Thursday, 10 July 2014

Happy Feet

Happy Feet
Sewing Machine Feet 

From an early age I have been introduced to sewing machines, almost everyone older than 20 had one when I was a kid, it's scary that I never really got the hang of it. Half the time I managed to screw up threading my know it's bad when your father ends up stealing it from you instead?
I have a slight fear of sewing machines, but I'm also in awe of them and anyone who can use one. I've made the odd garment in my lifetime and ended up hand sewing it instead of using the machine, I hear you shouting "WHY!? Are you mad?" Yes, I know machine sewing is supposed to be quicker than hand sewing but not when you're in the room with me, I've made a 30 year sewing specialist have to take a breather because she couldn't believe how long it took me to make something on a sewing machine compared to hand sewing it. In my defence, hand sewing is a lost art *Cough Cough*

 I love visiting my grandmother's or mother-in-law's, they always have a new sewing gadget, box, or machine. I'm itching to use them but I know I'll probably break it. I have sewing awkwardness, give me a camera, I can create work with that, give me a sewing machine and I'll tangle the string in parts of the machine you never knew existed! That doesn't mean I still don't want to know about every inch of it and become jealous of all the pretty things you've made. So you can imagine when I walked into my mother-in-law's house the other day and there lay on the dining room table a huge box of all the new sewing machine feet she'd bought. Does it make me sad that I pee'd a little with excitement?

Now that you've seen them, would you like to know how to use some of them?
Check out this lesson on Craftsy by Steffani Lincecum "Sewing Machine Feet from A-Z"

Wednesday, 9 July 2014

Gluten Free Rhubarb Streusel Loaf

Rhubarb Streusel Loaf
Gluten Free

Loaf Ingredients:
1 cup sugar
1/2 cup soft butter (keep extra butter around for greasing)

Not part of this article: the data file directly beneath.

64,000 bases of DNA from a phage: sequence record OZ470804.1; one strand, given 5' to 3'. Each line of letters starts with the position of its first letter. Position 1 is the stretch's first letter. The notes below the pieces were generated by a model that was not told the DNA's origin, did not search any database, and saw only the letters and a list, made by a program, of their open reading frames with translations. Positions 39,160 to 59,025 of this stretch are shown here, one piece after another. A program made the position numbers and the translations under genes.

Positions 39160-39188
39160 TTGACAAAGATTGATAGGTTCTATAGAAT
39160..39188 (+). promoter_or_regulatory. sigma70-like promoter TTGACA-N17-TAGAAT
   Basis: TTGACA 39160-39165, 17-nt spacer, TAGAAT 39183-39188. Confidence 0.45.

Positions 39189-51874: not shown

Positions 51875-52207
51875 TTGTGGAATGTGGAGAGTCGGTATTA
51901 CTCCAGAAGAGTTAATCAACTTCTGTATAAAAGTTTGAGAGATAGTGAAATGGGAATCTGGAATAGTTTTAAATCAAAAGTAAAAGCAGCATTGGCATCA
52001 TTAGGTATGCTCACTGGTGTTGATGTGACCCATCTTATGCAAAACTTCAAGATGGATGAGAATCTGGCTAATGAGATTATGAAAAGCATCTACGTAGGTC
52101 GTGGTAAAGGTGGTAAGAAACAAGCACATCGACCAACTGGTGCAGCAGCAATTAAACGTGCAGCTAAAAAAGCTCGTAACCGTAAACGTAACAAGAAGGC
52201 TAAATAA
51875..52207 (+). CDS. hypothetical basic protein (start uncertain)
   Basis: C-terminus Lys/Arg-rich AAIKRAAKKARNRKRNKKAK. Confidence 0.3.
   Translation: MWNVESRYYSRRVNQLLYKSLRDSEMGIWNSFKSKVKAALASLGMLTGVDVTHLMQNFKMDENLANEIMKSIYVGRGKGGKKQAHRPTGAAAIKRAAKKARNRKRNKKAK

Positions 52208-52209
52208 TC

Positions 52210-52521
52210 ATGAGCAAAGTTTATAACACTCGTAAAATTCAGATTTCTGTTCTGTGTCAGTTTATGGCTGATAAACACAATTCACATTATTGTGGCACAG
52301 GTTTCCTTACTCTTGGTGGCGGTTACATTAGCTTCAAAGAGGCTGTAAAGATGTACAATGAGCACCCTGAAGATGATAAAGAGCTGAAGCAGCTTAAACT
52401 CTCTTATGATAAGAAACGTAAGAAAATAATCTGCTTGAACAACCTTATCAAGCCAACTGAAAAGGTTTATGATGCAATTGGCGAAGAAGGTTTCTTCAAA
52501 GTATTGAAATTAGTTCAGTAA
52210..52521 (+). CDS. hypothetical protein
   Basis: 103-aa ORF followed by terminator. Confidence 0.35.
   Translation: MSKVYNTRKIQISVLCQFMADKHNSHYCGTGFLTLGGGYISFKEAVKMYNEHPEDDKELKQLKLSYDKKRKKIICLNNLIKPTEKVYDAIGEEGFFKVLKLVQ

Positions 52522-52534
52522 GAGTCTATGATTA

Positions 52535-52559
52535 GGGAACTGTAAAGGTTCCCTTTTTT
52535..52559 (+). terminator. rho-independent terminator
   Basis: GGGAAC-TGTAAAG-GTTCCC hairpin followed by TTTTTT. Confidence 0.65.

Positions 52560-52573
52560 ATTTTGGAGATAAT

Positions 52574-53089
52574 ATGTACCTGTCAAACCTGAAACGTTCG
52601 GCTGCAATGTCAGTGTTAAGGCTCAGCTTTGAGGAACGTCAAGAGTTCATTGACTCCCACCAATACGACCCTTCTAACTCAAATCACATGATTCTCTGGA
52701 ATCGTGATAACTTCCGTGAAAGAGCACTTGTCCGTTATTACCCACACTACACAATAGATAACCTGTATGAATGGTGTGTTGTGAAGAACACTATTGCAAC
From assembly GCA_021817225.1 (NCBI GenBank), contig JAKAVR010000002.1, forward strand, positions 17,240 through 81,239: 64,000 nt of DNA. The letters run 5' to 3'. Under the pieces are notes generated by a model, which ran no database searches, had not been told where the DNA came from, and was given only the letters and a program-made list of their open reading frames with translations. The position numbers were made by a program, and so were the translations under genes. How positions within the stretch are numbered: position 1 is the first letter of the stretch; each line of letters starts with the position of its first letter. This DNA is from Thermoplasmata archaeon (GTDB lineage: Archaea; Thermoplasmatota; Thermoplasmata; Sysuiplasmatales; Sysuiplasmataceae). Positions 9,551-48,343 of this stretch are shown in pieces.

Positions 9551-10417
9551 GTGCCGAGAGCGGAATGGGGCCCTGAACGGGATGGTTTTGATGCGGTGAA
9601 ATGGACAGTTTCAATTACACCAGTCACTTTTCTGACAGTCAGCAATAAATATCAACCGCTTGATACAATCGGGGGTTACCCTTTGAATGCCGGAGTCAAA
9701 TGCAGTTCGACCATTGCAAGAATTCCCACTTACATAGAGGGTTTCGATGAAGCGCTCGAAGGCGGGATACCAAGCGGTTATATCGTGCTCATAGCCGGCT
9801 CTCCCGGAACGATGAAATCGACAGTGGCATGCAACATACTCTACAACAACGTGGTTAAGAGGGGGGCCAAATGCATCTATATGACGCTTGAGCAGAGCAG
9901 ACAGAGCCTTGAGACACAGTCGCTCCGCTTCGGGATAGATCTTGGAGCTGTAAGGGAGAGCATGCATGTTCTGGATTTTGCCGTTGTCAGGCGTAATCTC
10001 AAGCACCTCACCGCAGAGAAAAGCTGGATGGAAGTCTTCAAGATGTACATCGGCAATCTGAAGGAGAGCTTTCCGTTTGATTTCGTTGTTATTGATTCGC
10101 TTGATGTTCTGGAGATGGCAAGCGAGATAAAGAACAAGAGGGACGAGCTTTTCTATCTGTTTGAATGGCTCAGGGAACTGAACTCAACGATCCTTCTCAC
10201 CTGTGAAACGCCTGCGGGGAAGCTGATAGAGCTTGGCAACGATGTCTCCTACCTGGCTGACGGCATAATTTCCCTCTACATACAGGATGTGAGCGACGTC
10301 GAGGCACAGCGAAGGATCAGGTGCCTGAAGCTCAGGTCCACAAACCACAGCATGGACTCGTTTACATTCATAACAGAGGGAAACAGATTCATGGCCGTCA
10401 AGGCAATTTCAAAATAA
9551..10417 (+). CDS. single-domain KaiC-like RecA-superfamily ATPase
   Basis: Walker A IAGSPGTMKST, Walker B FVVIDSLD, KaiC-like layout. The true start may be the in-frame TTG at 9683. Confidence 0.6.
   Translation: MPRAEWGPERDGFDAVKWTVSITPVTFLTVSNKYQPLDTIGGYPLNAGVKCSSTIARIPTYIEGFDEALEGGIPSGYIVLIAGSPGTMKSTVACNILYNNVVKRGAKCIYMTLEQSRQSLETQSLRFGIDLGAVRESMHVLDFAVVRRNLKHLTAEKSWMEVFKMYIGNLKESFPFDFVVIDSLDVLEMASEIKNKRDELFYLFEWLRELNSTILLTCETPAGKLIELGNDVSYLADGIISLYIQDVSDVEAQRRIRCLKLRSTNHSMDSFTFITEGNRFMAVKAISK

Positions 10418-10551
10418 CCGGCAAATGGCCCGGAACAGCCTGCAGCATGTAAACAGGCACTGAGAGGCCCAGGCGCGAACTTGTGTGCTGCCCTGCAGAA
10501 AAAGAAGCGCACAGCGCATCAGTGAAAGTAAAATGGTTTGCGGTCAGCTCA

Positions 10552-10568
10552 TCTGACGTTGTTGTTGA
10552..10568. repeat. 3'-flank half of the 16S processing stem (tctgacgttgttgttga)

1/3 cup lemon juice 
2 free range eggs
2 cups gluten free flour 
1tsp. Gluten Free baking powder
1/4 tsp. baking soda
1/4 salt
1 & 1/2 cups of sliced Rhubarb

Streusel Ingredients:
2 Tblsp. Sugar
2 Tblsp. Brown Sugar
1 tsp. Gluten Free Flour
1 Tblsp. Melted Butter
1 & 1/2 tsp. Ground Cinnamon

Pre-heat oven to 200 Celsius (392 Fahrenheit). Line an 8x4inch loaf tin with butter. In a medium-large mixing bowl, beat sugar & butter until creamy. Mix in the lemon juice and eggs, they will appear curdled, don't worry, its supposed to. Sift gluten free flour into the bowl with baking powder, soda & salt. Gently stir in the Rhubarb. Put aside 1 & 1/2 cups of the batter in a separate container then spread the remaining batter into the loaf tin. Combine all the streusel ingredients together by stirring (don't worry if it looks crumbly or not either is fine.) Carefully spread half the streusel over the batter in pan, top the streusel with the remaining batter that you put aside then cover the batter with the remaining streusel. Place in the oven and bake for 60 minutes or until a skewer poked into the loaf comes out clean.

The Sanctuary

Comrie Croft 

"Maggie!" I hear from the distance, a little black scruffy shadow runs passed my legs. Colin comes bounding round from the bike trail, a man not unlike his dog, scruffy but a loyal best friend you just want to take home and cuddle. He's been living at Comrie Croft for two years now with his lurcher Maggie. A beautifully gentle thing who spends most of her time working at the Croft with Colin or trying to get visiting children to slip her some scraps from the camp site or tea garden.